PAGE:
Try and maintain YouTube playlists of the 'best' video clips you watch in each subject. YouTube playlists can be collaborative so there is no need to do it alone!

Do you have a system for saving useful podcasts and articles? Pocket (already mentioned) could be a suitable tool as could Notion (will be mentioned in Number 9).

DP geographers should have a look at podcasts.geographyalltheway.com for podcasts curated by unit.

Active recall

There is a need for you to be going beyond re-reading and highlighting when it comes to your revision approaches.

You should be aiming for 'active recall' - actions that flex your brain as if it were a muscle.

Tools like quizlet - and their use to create and use quality flashcards - can help with the active element of 'active recall'.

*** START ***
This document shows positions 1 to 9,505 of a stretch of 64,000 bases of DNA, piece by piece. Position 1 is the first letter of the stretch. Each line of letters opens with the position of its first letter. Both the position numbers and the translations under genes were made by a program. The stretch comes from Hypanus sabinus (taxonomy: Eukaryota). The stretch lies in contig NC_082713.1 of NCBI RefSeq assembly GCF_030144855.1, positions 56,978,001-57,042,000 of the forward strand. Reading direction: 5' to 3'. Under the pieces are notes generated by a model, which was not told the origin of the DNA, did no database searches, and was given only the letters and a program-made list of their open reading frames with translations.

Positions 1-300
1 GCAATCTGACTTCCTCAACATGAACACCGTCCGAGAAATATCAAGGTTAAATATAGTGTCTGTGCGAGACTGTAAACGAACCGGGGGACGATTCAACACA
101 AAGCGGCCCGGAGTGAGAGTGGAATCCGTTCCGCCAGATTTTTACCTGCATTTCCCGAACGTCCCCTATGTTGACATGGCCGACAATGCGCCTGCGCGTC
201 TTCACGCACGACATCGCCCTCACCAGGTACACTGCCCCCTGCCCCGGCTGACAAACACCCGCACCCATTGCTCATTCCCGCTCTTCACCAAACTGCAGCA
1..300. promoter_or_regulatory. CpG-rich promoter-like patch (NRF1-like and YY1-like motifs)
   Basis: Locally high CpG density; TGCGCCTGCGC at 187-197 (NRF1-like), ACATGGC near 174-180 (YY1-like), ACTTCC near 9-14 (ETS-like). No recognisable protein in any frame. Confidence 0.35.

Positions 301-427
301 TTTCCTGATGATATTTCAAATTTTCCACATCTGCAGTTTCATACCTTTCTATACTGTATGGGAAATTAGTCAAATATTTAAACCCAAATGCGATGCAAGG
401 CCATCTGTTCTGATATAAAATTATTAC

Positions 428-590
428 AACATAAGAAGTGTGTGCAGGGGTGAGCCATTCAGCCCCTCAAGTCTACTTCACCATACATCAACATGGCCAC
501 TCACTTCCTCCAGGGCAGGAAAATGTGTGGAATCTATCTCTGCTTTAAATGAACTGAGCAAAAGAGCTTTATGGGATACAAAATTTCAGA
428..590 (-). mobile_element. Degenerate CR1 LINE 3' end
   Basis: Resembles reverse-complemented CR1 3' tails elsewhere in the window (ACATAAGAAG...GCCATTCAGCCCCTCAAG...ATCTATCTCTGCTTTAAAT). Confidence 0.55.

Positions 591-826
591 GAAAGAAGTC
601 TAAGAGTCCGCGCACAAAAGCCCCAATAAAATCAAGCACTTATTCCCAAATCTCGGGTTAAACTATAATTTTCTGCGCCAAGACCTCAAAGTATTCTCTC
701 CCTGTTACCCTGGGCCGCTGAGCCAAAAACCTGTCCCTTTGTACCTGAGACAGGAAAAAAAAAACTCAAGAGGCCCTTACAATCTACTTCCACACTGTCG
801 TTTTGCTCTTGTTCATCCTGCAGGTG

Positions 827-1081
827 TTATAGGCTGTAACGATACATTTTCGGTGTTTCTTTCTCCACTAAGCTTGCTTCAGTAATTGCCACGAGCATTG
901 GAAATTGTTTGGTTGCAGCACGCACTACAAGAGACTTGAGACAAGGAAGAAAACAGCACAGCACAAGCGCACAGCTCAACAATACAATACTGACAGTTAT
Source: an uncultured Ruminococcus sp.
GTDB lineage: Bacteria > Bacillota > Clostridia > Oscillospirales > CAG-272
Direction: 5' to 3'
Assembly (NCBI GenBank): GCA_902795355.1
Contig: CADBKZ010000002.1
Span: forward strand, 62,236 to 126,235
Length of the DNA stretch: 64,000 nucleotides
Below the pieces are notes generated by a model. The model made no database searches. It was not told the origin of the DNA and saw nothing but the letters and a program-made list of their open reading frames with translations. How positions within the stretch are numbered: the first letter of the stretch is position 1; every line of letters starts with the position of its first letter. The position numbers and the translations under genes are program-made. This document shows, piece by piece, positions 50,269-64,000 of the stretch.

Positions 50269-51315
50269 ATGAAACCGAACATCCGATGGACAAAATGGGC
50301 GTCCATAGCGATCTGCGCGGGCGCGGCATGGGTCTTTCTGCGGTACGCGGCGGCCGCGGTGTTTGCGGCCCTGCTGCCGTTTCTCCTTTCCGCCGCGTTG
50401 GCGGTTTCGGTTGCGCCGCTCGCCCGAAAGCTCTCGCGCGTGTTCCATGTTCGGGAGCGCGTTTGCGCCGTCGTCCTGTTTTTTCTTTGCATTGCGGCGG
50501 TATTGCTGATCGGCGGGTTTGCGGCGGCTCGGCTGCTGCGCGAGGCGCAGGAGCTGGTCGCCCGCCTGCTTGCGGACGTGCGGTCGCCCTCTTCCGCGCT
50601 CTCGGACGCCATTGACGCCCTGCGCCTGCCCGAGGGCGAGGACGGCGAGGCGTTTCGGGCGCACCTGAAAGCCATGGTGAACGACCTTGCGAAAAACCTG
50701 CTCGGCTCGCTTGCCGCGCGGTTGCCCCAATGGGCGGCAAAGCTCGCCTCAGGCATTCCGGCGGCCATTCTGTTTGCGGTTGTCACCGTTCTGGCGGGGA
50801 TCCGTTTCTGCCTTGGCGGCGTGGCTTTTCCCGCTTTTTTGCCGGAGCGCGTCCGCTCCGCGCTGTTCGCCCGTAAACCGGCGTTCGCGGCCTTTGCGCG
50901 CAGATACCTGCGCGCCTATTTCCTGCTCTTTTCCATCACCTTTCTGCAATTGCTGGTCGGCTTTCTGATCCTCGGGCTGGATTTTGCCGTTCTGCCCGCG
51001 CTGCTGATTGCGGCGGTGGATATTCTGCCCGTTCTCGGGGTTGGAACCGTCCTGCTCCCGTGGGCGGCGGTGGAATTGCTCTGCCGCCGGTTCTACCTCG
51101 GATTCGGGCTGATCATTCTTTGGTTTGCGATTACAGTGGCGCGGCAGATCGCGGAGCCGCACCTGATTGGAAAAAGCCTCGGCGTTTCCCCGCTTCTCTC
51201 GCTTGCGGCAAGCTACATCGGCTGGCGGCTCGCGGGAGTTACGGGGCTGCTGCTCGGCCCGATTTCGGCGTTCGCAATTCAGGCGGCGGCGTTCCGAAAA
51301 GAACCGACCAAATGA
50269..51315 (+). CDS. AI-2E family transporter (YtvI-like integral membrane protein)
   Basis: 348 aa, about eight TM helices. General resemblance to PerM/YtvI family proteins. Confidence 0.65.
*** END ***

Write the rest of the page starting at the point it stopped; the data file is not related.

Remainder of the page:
Have you thought about one place for it all?

I only recently 'found' Notion and I am impressed in what it has to offer. The 'toggle list' feature which allows you to easily collapse and open lists is really useful as a first step towards activel recall revision approaches.

Setting it up as a 'one stop shop' for all your notes, to-do lists, planning etc would be an productive move in terms of organising the demands put upon you as busy DP/CP students. Google Docs, Sheets and Slides embed nicely within Notion.

Notion is free for students → notion.so/students

Ready to go online?

Make sure you have a decent app, on your smartphone, that scans to PDF - such as Adobe Scan. This makes scanning and sharing hand written tasks easy. Annotating PDF files is an efficient process for teachers.